annual 30-day period of darkness. Josh Hartnett plays the town sheriff.
SAW IV – Need I say more?
AMERICAN GANGSTER – Ridley Scott
directs Russell Crowe for what seems like the umpteenth time, as a New
York detective in the ‘70s (based on a true story, of course) trying to
bring down a Harlem drug kingpin (Denzel Washington). Washington’s
character, Frank Lucas, built his empire by smuggling heroin out of Vietnam
in the body bags of dead soldiers. Trivia tip: This is not the first
time Denzel and Russell have starred together; years ago, Crowe played
a computer cyborg baddie in Denzel’s sci-fi flick, VIRTUOSITY. I’m
pretty sure Ridley Scott had nothing to do with that one.
BEOWULF – Robert Zemeckis directs
an animated version of one of the earliest fantasy epics, about the warrior
Beowulf and his battle with the monster Grendel (not to mention Grendel’s
vengeful mama). Voices include Angelina Jolie, Anthony Hopkins, John
Malkovich, and Ray Winstone.
THE MIST – Stephen King fans
have waited for this one for a long time. It’s a creepy “siege” thriller
about a mysterious mist that blankets a town and forces residents to hole
up in a supermarket; they proceed to get picked off by nightmarish monsters
lurking in the fog. Frank Darabont, who scored with two of the best
King adaptations ever – THE SHAWSHANK REDEMPTION and THE GREEN MILE – returns
to write and direct, with Thomas “The Punisher” Jane signed to star.
THE GOLDEN COMPASS – I know
very little about this one, but research tells me it is based on a popular
fantasy novel, the first in a trilogy, about a young girl in an alternative
fantasy world who tries to save her friend from a group of nasties known
as the Gobblers. Nicole Kidman teams with Daniel Craig again for
this one, which sounds like it should keep the NARNIA crowd busy until
PRINCE CASPIAN arrives in 2008.
ALIEN VS. PREDATOR 2 – They’re
baaack. Round Two of the intergalactic smackdown takes place in a
small Colorado town, and much mayhem is promised. 24 fans should
note that Reiko “Michelle Dessler” Aylesworth is attached to star.
I AM LEGEND – Of all the films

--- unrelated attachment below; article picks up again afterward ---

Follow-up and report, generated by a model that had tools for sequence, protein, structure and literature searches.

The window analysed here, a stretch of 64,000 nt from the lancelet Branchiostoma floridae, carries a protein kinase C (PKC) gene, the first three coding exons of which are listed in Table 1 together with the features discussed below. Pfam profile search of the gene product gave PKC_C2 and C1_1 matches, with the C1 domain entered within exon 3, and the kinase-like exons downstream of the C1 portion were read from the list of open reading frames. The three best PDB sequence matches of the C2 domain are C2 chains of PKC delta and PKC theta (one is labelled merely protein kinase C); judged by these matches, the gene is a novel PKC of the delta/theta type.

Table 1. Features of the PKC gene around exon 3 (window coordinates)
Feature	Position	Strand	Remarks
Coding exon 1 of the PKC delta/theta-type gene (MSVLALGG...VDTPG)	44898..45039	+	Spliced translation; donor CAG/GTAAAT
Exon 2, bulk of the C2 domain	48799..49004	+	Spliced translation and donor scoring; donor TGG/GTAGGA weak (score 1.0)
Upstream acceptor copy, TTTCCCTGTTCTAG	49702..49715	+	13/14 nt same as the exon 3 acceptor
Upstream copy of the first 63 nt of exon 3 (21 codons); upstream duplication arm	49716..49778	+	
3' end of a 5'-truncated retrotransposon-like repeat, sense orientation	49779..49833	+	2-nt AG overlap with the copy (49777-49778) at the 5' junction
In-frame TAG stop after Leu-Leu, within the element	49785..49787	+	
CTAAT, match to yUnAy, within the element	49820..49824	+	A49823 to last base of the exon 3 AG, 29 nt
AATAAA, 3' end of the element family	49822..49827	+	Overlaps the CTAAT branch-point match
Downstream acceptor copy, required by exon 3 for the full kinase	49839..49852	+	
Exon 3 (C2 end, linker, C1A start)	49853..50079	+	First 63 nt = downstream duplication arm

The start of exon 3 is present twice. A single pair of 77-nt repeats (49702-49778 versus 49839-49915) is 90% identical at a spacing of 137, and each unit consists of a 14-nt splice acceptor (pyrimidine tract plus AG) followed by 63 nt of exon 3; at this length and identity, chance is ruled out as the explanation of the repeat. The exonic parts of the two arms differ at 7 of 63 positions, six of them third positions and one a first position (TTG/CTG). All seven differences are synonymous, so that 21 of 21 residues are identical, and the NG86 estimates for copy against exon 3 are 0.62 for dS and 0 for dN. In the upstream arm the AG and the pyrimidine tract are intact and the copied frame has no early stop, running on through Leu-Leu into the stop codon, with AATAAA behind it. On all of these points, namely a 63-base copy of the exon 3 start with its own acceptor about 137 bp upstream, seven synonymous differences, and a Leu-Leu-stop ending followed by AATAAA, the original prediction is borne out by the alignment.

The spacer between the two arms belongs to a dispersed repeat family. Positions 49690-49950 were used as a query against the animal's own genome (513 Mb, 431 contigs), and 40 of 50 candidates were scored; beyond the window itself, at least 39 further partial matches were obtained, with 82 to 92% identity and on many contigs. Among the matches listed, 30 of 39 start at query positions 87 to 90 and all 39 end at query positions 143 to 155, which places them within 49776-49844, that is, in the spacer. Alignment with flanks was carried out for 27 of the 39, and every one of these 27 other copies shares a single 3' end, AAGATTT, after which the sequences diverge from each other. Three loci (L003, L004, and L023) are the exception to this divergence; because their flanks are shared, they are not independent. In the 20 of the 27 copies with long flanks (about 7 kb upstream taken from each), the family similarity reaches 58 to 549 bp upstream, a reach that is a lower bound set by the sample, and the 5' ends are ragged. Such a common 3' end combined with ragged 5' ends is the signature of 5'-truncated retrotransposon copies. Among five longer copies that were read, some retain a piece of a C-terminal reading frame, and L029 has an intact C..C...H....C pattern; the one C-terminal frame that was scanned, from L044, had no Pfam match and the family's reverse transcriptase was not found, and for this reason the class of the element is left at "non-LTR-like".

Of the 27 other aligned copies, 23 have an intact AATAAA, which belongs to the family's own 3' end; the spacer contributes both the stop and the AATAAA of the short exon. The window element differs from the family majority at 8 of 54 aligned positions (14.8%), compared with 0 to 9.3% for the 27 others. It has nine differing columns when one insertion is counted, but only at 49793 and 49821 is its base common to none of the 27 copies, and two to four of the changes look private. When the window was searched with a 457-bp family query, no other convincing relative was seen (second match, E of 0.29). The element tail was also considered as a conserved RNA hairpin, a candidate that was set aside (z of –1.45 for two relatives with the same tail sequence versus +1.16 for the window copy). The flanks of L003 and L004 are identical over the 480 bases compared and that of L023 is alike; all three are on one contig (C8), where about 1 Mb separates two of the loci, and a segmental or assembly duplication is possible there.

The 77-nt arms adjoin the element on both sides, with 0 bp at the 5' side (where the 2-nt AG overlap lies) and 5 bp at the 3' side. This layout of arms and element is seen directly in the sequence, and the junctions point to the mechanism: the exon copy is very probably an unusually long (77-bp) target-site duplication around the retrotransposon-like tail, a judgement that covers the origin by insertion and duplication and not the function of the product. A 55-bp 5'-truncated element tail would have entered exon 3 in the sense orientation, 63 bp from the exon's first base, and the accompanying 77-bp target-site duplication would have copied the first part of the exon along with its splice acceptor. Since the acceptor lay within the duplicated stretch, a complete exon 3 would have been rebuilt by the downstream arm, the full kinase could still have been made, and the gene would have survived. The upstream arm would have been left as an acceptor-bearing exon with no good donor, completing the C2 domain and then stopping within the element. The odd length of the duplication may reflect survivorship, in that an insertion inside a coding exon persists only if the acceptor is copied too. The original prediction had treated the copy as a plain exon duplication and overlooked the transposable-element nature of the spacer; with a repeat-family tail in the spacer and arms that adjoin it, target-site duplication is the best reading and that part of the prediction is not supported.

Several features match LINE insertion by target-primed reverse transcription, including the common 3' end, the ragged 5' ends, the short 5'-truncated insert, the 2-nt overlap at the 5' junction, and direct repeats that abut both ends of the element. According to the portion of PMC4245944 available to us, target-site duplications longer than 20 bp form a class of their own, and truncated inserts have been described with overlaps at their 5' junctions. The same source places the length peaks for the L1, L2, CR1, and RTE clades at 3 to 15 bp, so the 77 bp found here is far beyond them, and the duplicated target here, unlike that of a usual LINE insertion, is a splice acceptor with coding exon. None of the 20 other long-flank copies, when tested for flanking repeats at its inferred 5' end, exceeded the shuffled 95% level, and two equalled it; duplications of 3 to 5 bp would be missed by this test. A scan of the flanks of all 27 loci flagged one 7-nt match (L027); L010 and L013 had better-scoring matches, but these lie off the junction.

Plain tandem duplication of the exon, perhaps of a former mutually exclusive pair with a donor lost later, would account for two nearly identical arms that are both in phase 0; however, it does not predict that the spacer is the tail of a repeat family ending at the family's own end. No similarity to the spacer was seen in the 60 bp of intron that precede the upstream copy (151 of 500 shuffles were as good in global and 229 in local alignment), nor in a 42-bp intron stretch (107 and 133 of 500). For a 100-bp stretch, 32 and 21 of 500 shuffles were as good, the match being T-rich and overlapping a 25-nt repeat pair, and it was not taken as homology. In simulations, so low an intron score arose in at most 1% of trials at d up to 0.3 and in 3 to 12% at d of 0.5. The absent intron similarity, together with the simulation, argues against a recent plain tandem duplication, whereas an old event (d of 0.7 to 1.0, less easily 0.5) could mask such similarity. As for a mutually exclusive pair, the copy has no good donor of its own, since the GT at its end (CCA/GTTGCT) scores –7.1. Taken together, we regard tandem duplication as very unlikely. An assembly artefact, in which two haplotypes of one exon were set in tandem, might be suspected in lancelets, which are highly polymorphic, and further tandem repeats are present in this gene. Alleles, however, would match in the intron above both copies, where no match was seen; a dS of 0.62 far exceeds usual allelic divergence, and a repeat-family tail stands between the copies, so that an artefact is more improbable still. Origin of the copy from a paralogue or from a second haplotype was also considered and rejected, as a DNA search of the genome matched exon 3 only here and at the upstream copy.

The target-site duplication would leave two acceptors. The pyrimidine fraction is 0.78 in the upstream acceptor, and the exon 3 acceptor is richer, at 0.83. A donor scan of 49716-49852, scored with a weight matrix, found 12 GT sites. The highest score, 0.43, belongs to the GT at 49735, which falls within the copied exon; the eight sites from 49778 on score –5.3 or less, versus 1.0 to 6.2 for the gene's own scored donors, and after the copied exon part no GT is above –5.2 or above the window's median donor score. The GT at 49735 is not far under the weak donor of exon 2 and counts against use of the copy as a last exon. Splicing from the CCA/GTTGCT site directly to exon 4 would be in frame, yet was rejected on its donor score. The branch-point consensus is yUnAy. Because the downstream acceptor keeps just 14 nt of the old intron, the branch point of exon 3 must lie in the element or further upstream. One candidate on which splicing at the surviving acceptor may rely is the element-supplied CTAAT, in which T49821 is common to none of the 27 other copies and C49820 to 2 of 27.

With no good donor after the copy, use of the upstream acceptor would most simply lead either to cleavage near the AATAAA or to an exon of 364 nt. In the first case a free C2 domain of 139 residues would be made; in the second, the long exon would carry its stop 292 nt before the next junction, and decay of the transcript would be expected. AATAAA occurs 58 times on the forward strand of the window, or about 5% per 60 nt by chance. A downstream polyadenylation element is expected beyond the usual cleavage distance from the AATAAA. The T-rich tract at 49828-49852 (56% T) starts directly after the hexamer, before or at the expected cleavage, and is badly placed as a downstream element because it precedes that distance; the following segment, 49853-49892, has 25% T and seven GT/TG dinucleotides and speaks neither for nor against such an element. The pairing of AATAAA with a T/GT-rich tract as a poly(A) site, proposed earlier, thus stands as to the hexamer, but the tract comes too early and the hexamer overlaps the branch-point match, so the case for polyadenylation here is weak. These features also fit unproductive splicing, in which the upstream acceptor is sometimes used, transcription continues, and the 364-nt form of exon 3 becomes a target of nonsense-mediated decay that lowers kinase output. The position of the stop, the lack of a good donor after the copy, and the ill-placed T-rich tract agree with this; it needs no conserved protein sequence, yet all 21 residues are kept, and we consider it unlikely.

on the genre list for 2007, this is the one I would love to see make money.
Why? Because it’s based on one of the greatest vampire stories of
all time, a tale that has been filmed twice before and not that successfully
– although I always thought THE LAST MAN ON EARTH was an underrated creepfest,
and THE OMEGA MAN was a kitschy guilty pleasure. This time, superstar
Will Smith takes over from Vincent Price and Charlton Heston as scientist
Robert Neville, the sole survivor of a vampire plague. Smith’s character
struggles to get by in a New York City turned ghost town, all the while
being hounded by vampires out for his blood – literally. Directed
by Francis Lawrence, who brought some twisted imagery to life in CONSTANTINE.
Smith’s most recent outing, THE PURSUIT OF HAPPYNESS, is making millions
and may score him another Oscar nomination, so I am cautiously – cautiously
– optimistic for I AM LEGEND.
news tv news tv news the glass teat tv news tv news tv news
AMC LOCKS UP THE PRISONER
AMC will air a remake of
the trippy 1968 TV series The Prisoner, with a storyline similar to that
of the original series, which starred Patrick McGoohan, who also was creator,
producer, writer and director. The original series aired on CBS 1967-'68.
The new series will follow
a man who finds himself inexplicably trapped in "the Village," with no
memory of how he arrived. All of the inhabitants are identified by number
instead of name, have no memory of a previous existence or outside civilization
and are under constant surveillance. The man, Number Six, sets out to discover
the truth behind the Village, why he's there and how he can escape.
Production on the hourlong
series is scheduled to begin in the spring for a worldwide premiere targeted
for January 2008. The number of episodes is yet to be determined, but it
will be a minimum of six or eight.
AMC also has acquired rights
to the original Prisoner and will air those episodes around the time of
the new series' launch, along with films in the same genre as the show.
JAN 26th DEAD SILENCE
“Personally speaking, from
the word 'go,' it always felt to me somewhere in the neighborhood between
90 and 100 episodes was going to be a version of Lost where we never had
to do the bad season," Damon Lindelof, co-creator and executive producer
of ABC's hit show Lost, said that 100 episodes is the magic number for
the series, and that he would like to see it end in the fifth season.
Lindelof said, "We knew season
one was going to be introduction, season two was going to be into the hatch,